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6,000 more jobs to go as Birmingham council set to slash workforce by half

6,000 more jobs to go as Birmingham council set to slash workforce by half

🕔16.Sep 2014

As many as 6,000 Birmingham city council jobs will disappear over the next two years as the authority faces its worst ever funding crisis, reports Paul Dale from the monthly city council meeting.

A combination of savage cuts in government grant and soaring demand for social care will result in a 46 per cent reduction in the workforce by 2017-18 as the council attempts to find more than £200 million in savings to balance its books.

Most of the people that stand to lose their jobs are likely to face compulsory redundancy.

Sir Albert Bore, the Labour council leader, said the lost jobs and inevitable cuts to services would send a “seismic shock” through remaining employees who would end up working harder and longer as a result.

Three years ago the city council employed 20,000 people – already massively down on the record levels of over 30,000 in the 1980s.

By 2017-18 the workforce will be about 7,000 – down by two-thirds in just three years.

Sir Albert drew a comparison with the closure of the Longbridge Rover car works in 2005. The loss of city council jobs since 2010 was equivalent to “two Longbridges”, he said.

Repeating his mantra that “this is the end of local government as I have known it”, Sir Albert said it was now a “certainty” that the council would be forced to discontinue a range of non-statutory services next year.

He warned: “We are just going to have to explain to people that we won’t be able in the future to do many of the things that we have been able to do in the past. We simply won’t have the resources to do it.”

Council staff still in a job would have to develop a broader range of skills and “stretch their professional expertise”, he added.

Birmingham has either planned or delivered spending cuts amounting to almost half a billion pounds since 2010.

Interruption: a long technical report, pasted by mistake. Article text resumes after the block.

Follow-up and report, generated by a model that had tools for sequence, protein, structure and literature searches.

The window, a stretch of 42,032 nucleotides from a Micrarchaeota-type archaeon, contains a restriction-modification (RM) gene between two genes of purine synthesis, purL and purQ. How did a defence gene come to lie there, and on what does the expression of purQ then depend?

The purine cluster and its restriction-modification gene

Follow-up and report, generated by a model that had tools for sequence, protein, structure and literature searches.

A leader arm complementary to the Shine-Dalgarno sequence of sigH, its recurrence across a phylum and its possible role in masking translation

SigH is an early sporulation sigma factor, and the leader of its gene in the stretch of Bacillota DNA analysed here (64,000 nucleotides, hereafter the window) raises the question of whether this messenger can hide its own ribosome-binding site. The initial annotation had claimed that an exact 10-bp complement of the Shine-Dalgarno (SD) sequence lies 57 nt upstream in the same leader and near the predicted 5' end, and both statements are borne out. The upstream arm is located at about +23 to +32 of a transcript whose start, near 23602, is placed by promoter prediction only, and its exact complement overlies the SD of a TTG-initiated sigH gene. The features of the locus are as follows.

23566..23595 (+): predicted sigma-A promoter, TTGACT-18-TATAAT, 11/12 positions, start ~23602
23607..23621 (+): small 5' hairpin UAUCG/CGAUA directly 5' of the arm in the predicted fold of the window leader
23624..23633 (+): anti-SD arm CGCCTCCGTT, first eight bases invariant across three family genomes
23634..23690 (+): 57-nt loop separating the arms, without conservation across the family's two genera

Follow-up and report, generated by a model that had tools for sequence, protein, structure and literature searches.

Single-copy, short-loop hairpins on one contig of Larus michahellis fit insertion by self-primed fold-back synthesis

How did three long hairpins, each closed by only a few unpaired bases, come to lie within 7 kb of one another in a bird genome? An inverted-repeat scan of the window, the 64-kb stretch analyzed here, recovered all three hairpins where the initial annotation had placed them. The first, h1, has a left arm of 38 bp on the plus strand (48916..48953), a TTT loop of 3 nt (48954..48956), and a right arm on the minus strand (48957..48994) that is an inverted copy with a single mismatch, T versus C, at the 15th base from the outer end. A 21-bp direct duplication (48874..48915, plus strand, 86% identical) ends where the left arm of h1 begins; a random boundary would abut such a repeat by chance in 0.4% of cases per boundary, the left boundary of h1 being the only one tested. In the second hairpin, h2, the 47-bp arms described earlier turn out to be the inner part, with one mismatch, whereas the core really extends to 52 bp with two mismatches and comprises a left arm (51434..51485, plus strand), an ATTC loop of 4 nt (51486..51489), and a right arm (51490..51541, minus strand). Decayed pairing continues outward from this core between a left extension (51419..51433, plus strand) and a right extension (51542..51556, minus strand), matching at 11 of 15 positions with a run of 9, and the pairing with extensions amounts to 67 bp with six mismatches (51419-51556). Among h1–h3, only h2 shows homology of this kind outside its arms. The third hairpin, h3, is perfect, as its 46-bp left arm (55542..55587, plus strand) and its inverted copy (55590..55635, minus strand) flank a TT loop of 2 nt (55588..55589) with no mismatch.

The figure is likely to rise to about £900 million by 2017-18, equivalent to half of the revenue budget.

A review is underway of what the council currently does and will eventually produce a list of services to be discontinued, or handed over to the voluntary sector.

The public service union Unite described the job losses as “savage”.

Regional Secretary Gerard Coyne said: “This will be a crippling blow to the West Midlands regional economy as we estimate that for every pound spent on council staff wages 52 pence is spent locally.”

Sir Albert said he wasn’t “ruling in or out” the possibility of privatising the refuse collection service, while moves to sell the NEC Group were proceeding satisfactorily. However, he added: “Even with things like this we can’t come anywhere near the £200 million we need to find next year.”

Council staff were “working above and beyond the call of duty” with tremendous commitment to public services.

Sir Albert added: “They can’t go on like this. They are tired and probably disillusioned and the latest announcement will run through the organisation like a seismic shock.”

He rejected claims that the council had been hugely over-staffed in the past.

“Staff tell me how much harder they seem to be working and I would say to councillors that they have to realise they can no longer get people to do something tomorrow. We won’t have the staff to get something done immediately.”

In a statement to the monthly city council meeting Sir Albert said the council faced a “ticking time bomb” and had not managed staff reductions very efficiently in the past.

He added: “Clearly we cannot continue with anything like the range of activities we have delivered in the past. Too often we operate as if we had exactly the same resources as before and we often expect the impossible from our staff. This cannot continue.”

Apart from financial strain, Birmingham city council faces an alarming demographic crisis with a rapidly ageing workforce.

More than 90 per cent of staff are aged between 40 and 69. The council employs only 874 staff under the age of 29.

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